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I congratulate Simon Hughes on securing a place in the private Members' Bill ballot. With all due respect, though, I fear that this is a piecemeal Bill that tackles a symptom rather than the substantive issue. I will explain why a little later.
Her Majesty's Opposition think that section 106 of the Town and Country Planning Act 1990 should be restricted to site-specific improvements to make something acceptable in planning terms that otherwise would not be acceptable without that improvement. In that context, Conservatives have some concerns about the Bill. Improving residential premises might be justified as a site-specific measure, but we believe that building new premises would not. The Bill threatens to turn section 106 into even more of a development tax, on top of the community infrastructure levy.
As regards planning obligations, we are worried that the cumulative effect of regulatory burdens on the house building industry would undermine the viability of many housing regeneration projects, resulting in fewer homes being built. We want to review the whole manner in which the section 106 regime and the proposed additional community infrastructure levy works. We will examine how those levies can be simplified and localised so that individuals and communities affected by new development are not only properly compensated for any loss of amenity but benefit from genuinely improved places to live post-development. We want to give councils greater fiscal incentives to promote economic development and house building in their area by reform of the local government finance process. We will publish more details of those proposals for planning reform within the next few weeks.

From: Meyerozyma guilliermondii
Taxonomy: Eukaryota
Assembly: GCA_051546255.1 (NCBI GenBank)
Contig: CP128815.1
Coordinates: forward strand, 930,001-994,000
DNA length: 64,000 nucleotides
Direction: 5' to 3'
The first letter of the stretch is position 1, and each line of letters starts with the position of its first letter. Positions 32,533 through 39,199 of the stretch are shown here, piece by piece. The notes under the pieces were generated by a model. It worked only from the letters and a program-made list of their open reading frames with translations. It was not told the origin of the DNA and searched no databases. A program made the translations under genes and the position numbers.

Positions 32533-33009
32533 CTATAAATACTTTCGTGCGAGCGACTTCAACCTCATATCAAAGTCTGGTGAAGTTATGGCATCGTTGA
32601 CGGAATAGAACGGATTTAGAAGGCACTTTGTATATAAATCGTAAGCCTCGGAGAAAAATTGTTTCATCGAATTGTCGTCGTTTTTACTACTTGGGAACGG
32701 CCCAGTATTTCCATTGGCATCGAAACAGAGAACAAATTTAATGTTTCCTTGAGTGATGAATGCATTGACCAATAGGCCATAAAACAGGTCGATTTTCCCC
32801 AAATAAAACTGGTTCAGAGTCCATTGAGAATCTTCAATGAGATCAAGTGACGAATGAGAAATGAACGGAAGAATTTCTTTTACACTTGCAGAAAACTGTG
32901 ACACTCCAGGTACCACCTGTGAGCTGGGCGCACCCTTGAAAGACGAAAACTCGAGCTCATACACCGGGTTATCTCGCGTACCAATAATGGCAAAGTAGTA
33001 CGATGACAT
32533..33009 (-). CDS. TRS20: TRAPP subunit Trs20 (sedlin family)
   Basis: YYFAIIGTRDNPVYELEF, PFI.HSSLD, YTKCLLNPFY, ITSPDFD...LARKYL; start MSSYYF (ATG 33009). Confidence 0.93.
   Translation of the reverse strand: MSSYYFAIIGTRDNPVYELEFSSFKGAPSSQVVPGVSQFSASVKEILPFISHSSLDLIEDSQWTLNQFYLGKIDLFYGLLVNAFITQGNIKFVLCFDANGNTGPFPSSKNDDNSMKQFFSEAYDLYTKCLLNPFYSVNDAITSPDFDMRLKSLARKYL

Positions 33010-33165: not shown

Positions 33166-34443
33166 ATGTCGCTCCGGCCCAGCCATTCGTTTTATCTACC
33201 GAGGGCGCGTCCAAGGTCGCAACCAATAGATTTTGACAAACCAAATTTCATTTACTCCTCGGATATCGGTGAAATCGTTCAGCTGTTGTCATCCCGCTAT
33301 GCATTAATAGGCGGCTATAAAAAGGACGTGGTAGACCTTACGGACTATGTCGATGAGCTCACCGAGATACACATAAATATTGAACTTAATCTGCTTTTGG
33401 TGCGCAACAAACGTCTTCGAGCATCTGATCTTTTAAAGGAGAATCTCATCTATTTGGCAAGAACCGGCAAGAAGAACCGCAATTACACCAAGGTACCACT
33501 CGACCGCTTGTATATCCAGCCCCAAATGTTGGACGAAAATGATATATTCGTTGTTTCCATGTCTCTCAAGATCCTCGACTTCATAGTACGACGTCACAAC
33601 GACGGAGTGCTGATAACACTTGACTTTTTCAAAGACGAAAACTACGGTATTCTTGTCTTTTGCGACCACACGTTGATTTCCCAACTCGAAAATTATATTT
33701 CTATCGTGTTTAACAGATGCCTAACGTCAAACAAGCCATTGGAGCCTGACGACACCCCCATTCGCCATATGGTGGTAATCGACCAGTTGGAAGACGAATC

I shall be as brief as possible on the specific key questions to allow Sarah Teather and the Minister to enter the debate. As I said, section 106 is designed to make something acceptable in planning terms that otherwise would not be acceptable without that improvement. By extending its scope to building new premises, the Bill threatens to be a development tax. Perhaps the hon. Member for North Southwark and Bermondsey will give some consideration to that.
A parliamentary answer in March 2009 stated that of £4 billion of section 106 money, 90 per cent. was going not in cash to local authorities but directly towards the provision of various agreements and planning obligations. That left about £340 million for local authorities. Is not the real point that the levies need to be simplified and localised? Would the measures in the Bill add to the cumulative effect of regulatory burdens on the building industry?
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